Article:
On average, males begin going through puberty a little later than females, usually around age 11 or 12. But they may begin to develop sexually or have their first ejaculation without looking older or developing facial hair first.

Just as it helps grown-ups to know what to expect with changes such as moving to a new home or working for a new company, children should know about puberty beforehand.

Many children receive some sex education at school. Often, though, the lessons are segregated, and the females hear primarily about menstruation and training bras while the males hear about erections and changing voices. It's important that females learn about the changes males go through and males learn about those affecting females, so check with educators about their lesson plans so you know what gaps need to be filled. It's a good idea to review the lessons with your youngster, since children often still have questions about certain topics.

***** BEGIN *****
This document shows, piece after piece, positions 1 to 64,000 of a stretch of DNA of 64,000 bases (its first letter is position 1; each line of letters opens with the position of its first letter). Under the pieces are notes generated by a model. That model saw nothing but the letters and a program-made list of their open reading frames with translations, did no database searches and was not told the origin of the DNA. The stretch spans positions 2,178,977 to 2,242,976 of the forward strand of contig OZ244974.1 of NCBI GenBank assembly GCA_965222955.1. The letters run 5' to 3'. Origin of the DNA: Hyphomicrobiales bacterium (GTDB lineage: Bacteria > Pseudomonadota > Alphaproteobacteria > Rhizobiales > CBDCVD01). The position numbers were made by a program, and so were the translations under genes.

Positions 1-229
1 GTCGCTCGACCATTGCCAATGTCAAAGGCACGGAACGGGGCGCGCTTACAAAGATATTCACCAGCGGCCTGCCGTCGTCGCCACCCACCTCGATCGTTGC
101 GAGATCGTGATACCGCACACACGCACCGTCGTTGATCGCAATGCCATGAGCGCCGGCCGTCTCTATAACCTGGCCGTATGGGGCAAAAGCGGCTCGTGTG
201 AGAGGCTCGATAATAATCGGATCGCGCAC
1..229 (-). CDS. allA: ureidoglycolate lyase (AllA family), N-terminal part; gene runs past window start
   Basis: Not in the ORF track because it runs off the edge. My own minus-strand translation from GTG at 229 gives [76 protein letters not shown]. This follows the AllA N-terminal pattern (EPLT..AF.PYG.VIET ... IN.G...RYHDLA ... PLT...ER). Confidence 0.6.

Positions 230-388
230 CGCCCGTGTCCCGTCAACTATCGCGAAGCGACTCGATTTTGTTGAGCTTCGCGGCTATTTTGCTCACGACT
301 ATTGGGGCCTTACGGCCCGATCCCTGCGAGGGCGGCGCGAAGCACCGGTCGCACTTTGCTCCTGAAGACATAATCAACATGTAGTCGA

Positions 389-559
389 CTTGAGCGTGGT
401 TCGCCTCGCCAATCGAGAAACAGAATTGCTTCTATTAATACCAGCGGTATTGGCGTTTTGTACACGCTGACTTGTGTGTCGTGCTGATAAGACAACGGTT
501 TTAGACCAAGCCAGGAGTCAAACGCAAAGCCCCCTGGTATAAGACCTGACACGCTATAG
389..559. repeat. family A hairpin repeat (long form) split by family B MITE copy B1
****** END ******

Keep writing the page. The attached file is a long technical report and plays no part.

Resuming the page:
When talking to children about puberty, it's important to offer reassurance that these changes are normal. Puberty brings about so many changes. It's easy for a youngster to feel insecure, and as if he or she is the only one experiencing these changes.

Many times, teens will express insecurity about their appearance as they go through puberty, but it can help them to know that everyone goes through the same things and that there's a huge amount of normal variation in their timing. Acne, mood changes, growth spurts, and hormonal changes — it's all part of growing up and everyone goes through it, but not always at the same pace.